Thursday, May 19, 2005
This one you were warned about, so don't blame me
She's doing very well although I fear that I stripped her of her dignity this morning. By doc's orders, she's to be in the crate when I'm not at home and, since she gnawed her stitches out the night after her surgery, she's to wear the horrific Elizabethan collar. Doc prefers that she wear it at all times but I just don't have the stomach for it. She has no experience with the collar so she holds her head down to see where she's going - of course that results in her bumping into things, say, walls, before they come into her view. It's confusing to her, and heartbreaking for me. But, truth be told, she doesn't have to wear the collar as long as I'm at home keeping an eye on her.
But when I go to work, the collar has to go on, and the crate has to come out. She hasn't been in a crate in years but didn't at all object to the reunion this morning. That is until she tried to turn around inside the crate. Since the collar is so wide, that simple action was difficult and she started turning her head back and forth in a panic and then backed out of the crate quick. I had to turn her around and back her back in and help her sit down, trying to get her calm again. Before going down the stairs, I turned back to look at her. There she was, sitting with her wrapped leg stiff and unbendable and shooting out to the left, and her head hung real low beneath the invisible weight of her missing dignity.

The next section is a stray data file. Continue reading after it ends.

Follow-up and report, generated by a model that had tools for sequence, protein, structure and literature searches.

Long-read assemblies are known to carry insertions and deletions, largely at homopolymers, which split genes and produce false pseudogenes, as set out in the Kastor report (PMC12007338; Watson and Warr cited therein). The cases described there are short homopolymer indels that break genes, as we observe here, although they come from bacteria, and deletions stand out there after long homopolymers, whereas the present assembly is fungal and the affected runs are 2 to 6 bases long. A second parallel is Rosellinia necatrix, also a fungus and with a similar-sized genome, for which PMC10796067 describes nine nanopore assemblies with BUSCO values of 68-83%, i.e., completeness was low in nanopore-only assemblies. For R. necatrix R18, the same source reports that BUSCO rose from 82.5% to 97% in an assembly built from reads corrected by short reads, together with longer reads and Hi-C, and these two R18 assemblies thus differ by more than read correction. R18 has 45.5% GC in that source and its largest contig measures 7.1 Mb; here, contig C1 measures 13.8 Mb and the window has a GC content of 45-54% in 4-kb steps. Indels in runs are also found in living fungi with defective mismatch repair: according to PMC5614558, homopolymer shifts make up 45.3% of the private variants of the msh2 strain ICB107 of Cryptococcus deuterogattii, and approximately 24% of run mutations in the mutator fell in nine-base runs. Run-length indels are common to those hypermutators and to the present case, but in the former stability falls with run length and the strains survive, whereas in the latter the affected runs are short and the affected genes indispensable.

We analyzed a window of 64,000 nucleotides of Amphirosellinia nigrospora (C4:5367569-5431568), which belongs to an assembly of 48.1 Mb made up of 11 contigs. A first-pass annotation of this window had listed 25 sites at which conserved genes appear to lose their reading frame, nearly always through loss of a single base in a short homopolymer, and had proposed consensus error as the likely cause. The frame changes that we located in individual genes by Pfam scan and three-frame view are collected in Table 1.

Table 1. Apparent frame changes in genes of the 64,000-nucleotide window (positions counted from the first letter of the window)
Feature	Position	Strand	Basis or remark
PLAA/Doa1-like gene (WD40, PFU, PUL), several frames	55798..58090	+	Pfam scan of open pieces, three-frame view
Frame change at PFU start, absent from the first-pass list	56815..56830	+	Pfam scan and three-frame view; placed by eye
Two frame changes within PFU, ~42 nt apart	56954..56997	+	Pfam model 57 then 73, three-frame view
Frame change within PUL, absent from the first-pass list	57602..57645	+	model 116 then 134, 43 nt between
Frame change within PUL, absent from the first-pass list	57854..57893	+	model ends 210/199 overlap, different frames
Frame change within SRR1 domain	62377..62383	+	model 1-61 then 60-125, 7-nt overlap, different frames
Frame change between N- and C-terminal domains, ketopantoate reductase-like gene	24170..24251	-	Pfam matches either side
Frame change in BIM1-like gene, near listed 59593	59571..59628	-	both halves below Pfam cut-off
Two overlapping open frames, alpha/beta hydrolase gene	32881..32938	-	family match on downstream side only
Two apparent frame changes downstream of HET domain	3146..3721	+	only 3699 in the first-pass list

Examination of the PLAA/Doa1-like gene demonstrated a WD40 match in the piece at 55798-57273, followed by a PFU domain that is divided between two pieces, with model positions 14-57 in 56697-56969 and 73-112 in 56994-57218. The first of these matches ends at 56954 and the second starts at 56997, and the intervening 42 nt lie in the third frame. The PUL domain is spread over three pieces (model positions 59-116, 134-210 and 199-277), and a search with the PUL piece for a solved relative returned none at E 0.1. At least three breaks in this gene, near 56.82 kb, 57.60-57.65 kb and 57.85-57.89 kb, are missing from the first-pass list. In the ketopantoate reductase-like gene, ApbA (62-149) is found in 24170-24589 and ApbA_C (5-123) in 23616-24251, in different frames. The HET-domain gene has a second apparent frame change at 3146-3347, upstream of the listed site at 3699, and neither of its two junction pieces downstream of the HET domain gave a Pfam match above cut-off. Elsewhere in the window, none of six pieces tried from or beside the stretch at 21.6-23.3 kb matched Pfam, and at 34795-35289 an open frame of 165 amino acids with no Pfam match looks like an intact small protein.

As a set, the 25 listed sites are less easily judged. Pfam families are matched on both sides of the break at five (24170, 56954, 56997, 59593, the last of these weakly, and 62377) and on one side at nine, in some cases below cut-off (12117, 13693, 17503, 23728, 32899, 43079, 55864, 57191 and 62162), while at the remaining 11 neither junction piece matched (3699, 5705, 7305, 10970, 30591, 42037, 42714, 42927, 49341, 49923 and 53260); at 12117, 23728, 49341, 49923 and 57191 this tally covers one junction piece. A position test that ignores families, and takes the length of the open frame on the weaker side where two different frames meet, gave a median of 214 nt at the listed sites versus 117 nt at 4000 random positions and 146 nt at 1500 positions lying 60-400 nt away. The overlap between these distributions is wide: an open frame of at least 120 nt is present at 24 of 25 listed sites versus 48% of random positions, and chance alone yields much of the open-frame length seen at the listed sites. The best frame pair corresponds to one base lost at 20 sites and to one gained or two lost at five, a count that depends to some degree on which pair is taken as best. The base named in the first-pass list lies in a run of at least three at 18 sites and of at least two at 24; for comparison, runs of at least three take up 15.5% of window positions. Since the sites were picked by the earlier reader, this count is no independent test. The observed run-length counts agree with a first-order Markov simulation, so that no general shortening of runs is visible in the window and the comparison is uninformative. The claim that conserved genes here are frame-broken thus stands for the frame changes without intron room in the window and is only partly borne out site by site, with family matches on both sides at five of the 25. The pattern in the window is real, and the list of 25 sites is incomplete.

I cannot explain to her the necessity of the collar, so even though I know she must wear it, it hurt me to see her like that. I felt like listening to gospel music on the way to work, Swing Low Sweet Chariot or Will the Circle be Unbroken. And Cheyenne, she was likely wanting to hear the blues.